Friday, July 1, 2011

The Jersey Shore Anniversary

When you hear the phrase Jersey Shore these days, I guess most people's first thought would be of a reality series on MTV.

But a series of events on the Jersey shore in the early 20th century had a profound impact on American culture later in the century — a much greater impact than any television show.

Those events began on this day in 1916.

I'm speaking of shark attacks that led to four deaths and one injury in the first half of July 1916.

As I understand it, it was a brutal summer along the East Coast. Folks had been sweltering in a heat wave, and that — along with a polio epidemic — sent hordes of people to the beach seeking relief.

No one probably thought about the possibility of shark attacks in those waters. Such attacks are quite rare in that vicinity, but, on Saturday, July 1, 1916, a 25–year–old man who was vacationing with his family decided to go for a short swim with his dog before dinner.

After entering the water, the man began shouting, and other people on the beach thought he was calling to his dog, but, in reality, a shark was biting his legs. A lifeguard pulled him from the water, but he bled to death on the hotel manager's desk.

The beaches remained open, though, in spite of reports from ship captains of swarms of sharks off the coast. For awhile, it must have seemed that the folks who stood to gain from keeping the beaches open were going to get away with it, but then, on July 6, tragedy struck again about 45 miles north of the first attack.

A hotel bellhop was attacked while swimming about 100 yards from shore. He, too, was pulled from the water and bled to death on the way back to shore.

Another six days went by, then two attacks occurred about 30 miles north of the second incident. These were perhaps the most baffling. The first two attacks had happened in seaside resort locations, but the one on July 12, 1916, happened inland on a creek in a community that didn't really seem like a resort. An 11–year–old boy, who had been playing in the creek with some friends, was attacked and killed by a shark. A man who dove into the water in an attempt to save the boy also was attacked and bled to death at a hospital.

About half an hour later, the final victim, a 12–year–old boy, was attacked. He eventually recovered from his injuries.

The shark attacks triggered a panic. Tourism declined precipitously, and shark sightings rose sharply. Things only began to settle down after a fellow named Michael Schleisser caught a 7½–foot shark at the mouth of the creek. When they examined the shark, they found human remains in its digestive tract — but it was never established absolutely that the shark had been responsible for the attacks.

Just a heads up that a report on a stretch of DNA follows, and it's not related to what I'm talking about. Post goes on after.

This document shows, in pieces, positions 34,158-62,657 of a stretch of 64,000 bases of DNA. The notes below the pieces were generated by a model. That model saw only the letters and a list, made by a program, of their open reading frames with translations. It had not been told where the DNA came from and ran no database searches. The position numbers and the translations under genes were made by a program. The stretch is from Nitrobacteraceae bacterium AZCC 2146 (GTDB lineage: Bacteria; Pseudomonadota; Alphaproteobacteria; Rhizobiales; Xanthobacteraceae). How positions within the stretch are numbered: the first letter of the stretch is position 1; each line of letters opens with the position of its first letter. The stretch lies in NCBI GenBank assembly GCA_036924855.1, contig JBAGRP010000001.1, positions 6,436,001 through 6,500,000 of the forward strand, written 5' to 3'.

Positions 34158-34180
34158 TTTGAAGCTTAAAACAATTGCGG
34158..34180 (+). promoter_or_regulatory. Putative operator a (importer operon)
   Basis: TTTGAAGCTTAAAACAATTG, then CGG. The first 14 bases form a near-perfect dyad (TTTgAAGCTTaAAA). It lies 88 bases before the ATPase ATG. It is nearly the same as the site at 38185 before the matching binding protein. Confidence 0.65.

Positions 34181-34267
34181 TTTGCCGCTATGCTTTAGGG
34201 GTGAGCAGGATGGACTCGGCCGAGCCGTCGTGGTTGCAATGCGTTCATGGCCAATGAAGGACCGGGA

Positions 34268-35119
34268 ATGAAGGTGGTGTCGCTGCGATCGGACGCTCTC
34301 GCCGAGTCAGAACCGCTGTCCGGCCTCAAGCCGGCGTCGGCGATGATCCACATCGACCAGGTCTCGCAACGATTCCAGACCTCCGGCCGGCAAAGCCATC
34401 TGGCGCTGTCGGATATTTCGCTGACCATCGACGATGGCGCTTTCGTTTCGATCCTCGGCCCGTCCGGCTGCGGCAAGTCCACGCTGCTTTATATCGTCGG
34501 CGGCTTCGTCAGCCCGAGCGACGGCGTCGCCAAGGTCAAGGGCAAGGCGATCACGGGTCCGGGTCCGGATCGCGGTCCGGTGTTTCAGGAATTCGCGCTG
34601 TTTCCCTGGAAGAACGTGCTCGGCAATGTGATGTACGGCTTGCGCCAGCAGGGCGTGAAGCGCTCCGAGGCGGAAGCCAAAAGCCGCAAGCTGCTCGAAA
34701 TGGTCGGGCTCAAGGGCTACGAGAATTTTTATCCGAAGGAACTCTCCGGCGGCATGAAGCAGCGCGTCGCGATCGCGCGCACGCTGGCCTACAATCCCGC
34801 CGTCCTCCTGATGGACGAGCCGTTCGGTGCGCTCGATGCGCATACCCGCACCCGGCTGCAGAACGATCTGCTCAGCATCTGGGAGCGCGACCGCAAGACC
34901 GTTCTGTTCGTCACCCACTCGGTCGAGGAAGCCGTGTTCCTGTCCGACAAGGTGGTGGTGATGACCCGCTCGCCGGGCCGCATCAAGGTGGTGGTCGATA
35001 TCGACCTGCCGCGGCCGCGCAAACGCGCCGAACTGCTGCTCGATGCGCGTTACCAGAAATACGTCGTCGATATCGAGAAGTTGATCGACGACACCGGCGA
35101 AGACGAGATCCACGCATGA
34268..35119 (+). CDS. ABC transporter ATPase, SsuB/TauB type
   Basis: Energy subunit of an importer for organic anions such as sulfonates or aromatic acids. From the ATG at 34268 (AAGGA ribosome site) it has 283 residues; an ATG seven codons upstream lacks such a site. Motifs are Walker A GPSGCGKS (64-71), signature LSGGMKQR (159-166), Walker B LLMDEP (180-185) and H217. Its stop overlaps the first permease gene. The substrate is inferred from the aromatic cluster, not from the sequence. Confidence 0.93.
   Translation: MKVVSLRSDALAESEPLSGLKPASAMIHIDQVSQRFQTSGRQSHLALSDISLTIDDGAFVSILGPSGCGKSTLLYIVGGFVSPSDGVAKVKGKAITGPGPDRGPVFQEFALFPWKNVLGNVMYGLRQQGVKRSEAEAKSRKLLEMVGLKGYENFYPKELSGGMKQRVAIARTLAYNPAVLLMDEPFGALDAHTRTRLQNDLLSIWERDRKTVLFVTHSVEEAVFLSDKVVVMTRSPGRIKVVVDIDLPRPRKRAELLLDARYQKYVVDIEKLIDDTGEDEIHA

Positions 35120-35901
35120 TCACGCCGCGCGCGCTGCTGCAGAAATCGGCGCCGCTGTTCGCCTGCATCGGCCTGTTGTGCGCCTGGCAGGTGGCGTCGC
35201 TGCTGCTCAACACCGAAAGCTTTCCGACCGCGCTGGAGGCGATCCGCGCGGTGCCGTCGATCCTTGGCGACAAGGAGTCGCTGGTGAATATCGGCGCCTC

Half a century later, the shark attacks off the Jersey shore inspired Peter Benchley's phenomenal best–selling novel "Jaws" — which, in turn, inspired a blockbuster movie by the same name that dwarfed every other movie that was released that year.

Although the public officials along the Jersey Shore, like the ones in Benchley's novel, thought more about tourism and profits than public safety initially — and few, if any, people seemed to dispute the conclusion that sharks had been responsible for the attacks — it's still something of a mystery exactly what kind of shark it was — or, for that matter, how many were involved.

In the novel, the great white was to blame, and it was a good suspect in real life, too, but some people insisted it had been a bull shark instead. Bull sharks are known for their aggressiveness, as well as their ability to tolerate freshwater, which would account for its (or their) presence in the creek.

Folks didn't know a lot about sharks or shark behavior in 1916. Until the attacks, they were seen as relatively harmless, unlikely to attack humans unless provoked.

People knew a little more when Benchley wrote his novel, but public opinion had swung to the other extreme, mostly viewing sharks as dangerous and unpredictable. Before the end of his life, Benchley had a change of heart and said he regretted whatever role his book may have had in public misunderstanding of sharks.

No comments: